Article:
BSP sees April inflation at 2.1-3%
Lower oil prices, peso appreciation cited as factorsBy Michelle V. Remo
Philippine Daily Inquirer
The rate of increase in the prices of basic commodities is expected to settle between 2.1 and 3 percent this month, due mainly to the softening of oil prices in the world market and the slight appreciation of the peso against the US dollar, according to the Bangko Sentral ng Pilipinas.
BSP Governor Amando Tetangco Jr. also said yesterday that the April inflation rate could have been slower than the rate recorded in March if not for increases in utility charges and transport fares that offset the impact of lower prices of international oil and domestic fuel products and the peso appreciation.
The estimated April rate, however, is much slower than the 4.7 percent recorded in the same month last year.
And if the estimate materializes, the inflation rate for the first four months of this year would hit around 3 percent.
The latest inflation report by the National Statistics Office said consumer prices rose by 3.1 percent in the first quarter of the year, well within the expected range this year of between 3 and 5 percent.
The peso settled at an average of 42.86 against the US dollar in March. The local currency has so far stayed within the 42-to-a-dollar territory this month, but has slightly strengthened. It closed at 42.53:$1 on Thursday.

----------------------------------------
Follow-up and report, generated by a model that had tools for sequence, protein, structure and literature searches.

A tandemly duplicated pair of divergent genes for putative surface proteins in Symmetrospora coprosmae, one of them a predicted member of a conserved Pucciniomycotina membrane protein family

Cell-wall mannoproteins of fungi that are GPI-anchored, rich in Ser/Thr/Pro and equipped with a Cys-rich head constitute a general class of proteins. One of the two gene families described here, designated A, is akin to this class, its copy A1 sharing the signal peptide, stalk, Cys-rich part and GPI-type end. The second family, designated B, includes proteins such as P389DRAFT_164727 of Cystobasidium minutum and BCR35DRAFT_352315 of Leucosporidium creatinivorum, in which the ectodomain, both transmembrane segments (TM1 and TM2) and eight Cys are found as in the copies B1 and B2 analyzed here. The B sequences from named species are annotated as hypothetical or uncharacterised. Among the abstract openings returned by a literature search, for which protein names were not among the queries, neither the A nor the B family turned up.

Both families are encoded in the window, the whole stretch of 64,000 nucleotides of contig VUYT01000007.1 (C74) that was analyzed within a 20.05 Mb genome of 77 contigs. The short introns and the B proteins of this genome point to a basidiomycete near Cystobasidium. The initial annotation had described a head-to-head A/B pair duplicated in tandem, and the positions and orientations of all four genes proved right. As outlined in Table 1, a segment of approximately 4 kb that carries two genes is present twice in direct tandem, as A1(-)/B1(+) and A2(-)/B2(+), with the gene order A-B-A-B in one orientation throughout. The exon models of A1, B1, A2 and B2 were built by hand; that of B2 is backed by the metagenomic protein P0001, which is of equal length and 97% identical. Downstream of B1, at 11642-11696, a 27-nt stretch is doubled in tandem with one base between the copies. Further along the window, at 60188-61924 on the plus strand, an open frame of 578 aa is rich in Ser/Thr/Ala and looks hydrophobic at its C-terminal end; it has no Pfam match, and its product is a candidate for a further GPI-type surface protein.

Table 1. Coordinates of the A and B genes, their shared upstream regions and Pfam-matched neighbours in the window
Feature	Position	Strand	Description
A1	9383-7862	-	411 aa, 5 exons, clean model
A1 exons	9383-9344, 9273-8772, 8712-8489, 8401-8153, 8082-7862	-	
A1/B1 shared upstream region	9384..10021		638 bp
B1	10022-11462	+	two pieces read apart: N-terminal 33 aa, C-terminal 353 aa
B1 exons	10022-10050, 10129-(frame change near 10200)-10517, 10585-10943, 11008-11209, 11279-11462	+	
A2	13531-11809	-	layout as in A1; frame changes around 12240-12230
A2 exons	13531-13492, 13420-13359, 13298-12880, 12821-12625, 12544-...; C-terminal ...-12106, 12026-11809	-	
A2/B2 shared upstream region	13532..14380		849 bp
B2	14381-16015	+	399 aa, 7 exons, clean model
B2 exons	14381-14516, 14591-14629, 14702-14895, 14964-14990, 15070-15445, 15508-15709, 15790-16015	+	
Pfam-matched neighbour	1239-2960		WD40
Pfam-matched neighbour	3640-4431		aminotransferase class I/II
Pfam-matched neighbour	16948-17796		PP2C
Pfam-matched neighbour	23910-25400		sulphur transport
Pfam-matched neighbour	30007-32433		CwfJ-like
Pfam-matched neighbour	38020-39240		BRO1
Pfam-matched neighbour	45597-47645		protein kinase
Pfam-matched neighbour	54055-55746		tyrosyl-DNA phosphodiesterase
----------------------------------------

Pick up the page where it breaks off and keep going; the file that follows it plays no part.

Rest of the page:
An increase in the value of the peso against the US dollar makes imported goods cheaper in local currency terms, thereby pulling down the increase in overall consumer prices in the country.
Tentangco said the central bank would continue to monitor factors that will affect inflation, such as the movement of global oil prices, to determine whether there is a need for some policy adjustments to keep inflation within an acceptable range.
Global oil prices largely affect consumer prices in the Philippines since the country imports over 90 percent of its oil requirements.
So far this year, the BSP has cut its key policy rates by a total of 50 basis points. The first 25-basis-point cut was done in January and the second in March.
Officials said the cut in the policy rates, which influence commercial interest rates, was meant to spur demand for bank loans and boost consumption and investments.
In the policy rate setting-meeting of the central bank’s Monetary Board this month, however, it decided to maintain the key policy rates.
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